Just because you're paranoid ...

... Doesn't mean that someone isn't out to get you.


Salon Staff
December 7, 2001 6:49PM (UTC)

"We were as twinn'd lambs that did frisk i' the sun,
And bleat the one at the other: what we chang'd
Was innocence for innocence: we knew not
The doctrine of ill-doing, nor dream'd
That any did." -- William Shakespeare, "The Winter's Tale"

In the late 1500s, the rougher classes stood in the pit and watched Shakespeare plays transport them to magical lands. There were plotting kings and beautiful princesses and once in a while a character was eaten by a bear.

And now, after 400 years of magnificent technological leaps -- and 400 years of oafish regression back to pre-Neanderthal entertainment values -- we watch reality television take us to Africa. Now, granted, "Survivor's" sorority girl Kelly is no stately queen, and tattooed marketing manager Lex isn't much of a beleaguered monarch -- he's probably not even the king of his local coffee shop.

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But tonight's episode of "Survivor: Africa," which centers on a ragingly distrustful Lex, is a little like Shakespeare's play "The Winter's Tale." There is, for example, unfounded rage, bizarre paranoia, a remembrance of lost innocence and -- yes -- even two lambs.

Unfortunately, no one is eaten by a bear.

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In "The Winter's Tale" the king of Sicilia, Leontes, incorrectly thinks his queen is sleeping with his best friend. He orders the best friend poisoned, throws the wife in jail and has his baby daughter abandoned in the wilderness.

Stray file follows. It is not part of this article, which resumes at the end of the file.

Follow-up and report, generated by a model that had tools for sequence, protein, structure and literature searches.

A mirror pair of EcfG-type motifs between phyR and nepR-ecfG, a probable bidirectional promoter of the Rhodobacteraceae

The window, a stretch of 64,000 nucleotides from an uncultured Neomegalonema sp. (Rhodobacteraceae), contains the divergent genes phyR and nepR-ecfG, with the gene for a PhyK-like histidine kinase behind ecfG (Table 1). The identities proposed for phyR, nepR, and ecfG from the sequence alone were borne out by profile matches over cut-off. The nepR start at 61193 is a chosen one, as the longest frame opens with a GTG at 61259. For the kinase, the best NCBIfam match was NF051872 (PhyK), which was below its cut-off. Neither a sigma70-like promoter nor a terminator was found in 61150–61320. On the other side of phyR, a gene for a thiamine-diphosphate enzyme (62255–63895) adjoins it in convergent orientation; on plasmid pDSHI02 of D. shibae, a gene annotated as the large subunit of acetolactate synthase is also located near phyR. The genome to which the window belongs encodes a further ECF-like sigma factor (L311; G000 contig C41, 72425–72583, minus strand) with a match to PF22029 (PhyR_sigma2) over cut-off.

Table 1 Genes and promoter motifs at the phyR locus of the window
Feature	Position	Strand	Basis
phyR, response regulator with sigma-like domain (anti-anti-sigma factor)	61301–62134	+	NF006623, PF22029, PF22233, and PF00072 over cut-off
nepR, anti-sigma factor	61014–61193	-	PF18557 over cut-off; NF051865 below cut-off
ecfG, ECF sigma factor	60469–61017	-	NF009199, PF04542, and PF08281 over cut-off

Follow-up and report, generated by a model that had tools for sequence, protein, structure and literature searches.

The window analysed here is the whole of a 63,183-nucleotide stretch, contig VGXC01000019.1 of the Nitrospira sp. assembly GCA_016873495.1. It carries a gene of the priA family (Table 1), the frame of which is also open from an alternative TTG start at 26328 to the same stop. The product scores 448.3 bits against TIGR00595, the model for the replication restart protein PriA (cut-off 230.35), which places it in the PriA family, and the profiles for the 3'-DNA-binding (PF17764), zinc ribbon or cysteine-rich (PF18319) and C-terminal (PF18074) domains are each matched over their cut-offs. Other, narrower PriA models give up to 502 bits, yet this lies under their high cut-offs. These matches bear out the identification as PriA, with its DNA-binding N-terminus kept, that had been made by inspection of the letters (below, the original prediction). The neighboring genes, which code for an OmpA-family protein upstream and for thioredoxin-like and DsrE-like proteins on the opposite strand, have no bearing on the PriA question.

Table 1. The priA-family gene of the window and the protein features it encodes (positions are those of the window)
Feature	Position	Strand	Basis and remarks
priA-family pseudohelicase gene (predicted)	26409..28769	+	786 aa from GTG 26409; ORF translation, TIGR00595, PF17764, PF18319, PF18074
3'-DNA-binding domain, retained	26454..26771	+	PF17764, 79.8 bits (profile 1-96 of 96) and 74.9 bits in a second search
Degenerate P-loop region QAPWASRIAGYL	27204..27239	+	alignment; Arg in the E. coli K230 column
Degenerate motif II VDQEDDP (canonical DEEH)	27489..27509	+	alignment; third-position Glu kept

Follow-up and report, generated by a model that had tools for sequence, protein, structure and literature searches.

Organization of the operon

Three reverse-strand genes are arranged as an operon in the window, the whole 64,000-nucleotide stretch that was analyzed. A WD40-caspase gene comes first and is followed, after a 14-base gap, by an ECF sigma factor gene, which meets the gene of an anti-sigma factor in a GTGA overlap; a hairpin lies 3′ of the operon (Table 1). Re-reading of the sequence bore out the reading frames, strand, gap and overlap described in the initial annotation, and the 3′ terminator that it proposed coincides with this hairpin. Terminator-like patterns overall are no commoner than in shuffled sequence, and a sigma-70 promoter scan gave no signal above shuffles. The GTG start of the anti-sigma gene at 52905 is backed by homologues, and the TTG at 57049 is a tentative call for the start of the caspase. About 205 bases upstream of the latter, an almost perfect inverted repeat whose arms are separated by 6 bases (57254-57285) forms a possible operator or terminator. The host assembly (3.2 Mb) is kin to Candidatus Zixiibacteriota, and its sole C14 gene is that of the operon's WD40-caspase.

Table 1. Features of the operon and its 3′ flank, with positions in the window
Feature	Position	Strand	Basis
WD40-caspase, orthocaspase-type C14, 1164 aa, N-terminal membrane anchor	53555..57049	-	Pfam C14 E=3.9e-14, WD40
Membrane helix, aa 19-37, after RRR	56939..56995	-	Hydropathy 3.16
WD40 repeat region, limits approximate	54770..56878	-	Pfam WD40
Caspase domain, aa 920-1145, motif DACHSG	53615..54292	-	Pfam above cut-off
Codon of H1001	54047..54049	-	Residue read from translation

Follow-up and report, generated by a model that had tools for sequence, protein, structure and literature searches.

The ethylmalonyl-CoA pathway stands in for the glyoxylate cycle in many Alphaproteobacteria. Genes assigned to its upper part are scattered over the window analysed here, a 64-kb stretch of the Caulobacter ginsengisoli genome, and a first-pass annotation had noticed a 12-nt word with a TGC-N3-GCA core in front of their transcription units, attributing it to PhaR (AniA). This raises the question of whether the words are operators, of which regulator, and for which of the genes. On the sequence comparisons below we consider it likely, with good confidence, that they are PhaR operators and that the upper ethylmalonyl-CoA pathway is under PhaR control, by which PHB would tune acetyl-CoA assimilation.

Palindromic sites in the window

Everyone around Leontes knows that he's being absolutely ridiculous. His trusted aide won't even follow orders and poison the friend.

But the thing is, Leontes' madness has real effects. His queen dies from grief. (This is a comedy, fortunately, and from a time before the days of reality TV. The queen miraculously comes back from the dead 16 years later. And there are weddings planned.)

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Although the subject of the play is, in a sense, sexual jealousy, its theme is paranoia: "The Winter's Tale" tells of a man ruined by his own delusions; scholar Harold Bloom called it "the story of Leontes, an Othello who is his own Iago."

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"Survivor's" Lex is like a stock character familiar to several other of Shakespeare's plays: the fool. But not strictly speaking: At the start of tonight's show he's raving mad and full of suspicion. Two people voted him at the last tribal council meeting, and now he's being eaten by suspicion.

"The person who threw that vote at me, and that now chooses to hide, torched me," he says. "And it pisses me off that I can't figure it out and smoke 'em out right away."

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In an early morning fireside chat with Kelly -- the buddy from the Boran tribe who helped him through the horrors of the Samburu camp -- he delivers a violent soliloquy: "Whoever it is who did this, that poisoned this with scheming, lying, is going to go down next. That's just the way it is. And I'm going to take him out. I'm going to slit his throat."

Freud claimed that all paranoids are fixed at a stage of narcissism. He claimed it could be tied, like most things in his theories, to sublimated homosexuality.

Kelly has a baser understanding. She listens intently, but lets us know what she really thinks later. "I'm sorry, Mr. Ego," she tells the camera. "Deal with it."

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Kelly knows that all paranoids, like Leontes, feel persecuted, but even more characteristically they're completely self-obsessed. Plus she thinks Lex is a poltroon.

Gay bartender Brandon, who knows something about self-obsession and presumably -- as a formerly married man -- sublimated homosexuality, finds the whole freak-out amusing.

"This one little vote is so inconsequential to the game, and it has so much to do with Lex's ego, that I could care less," he says. "Somebody was just screwing with his head -- and it worked! I actually wish I had done it."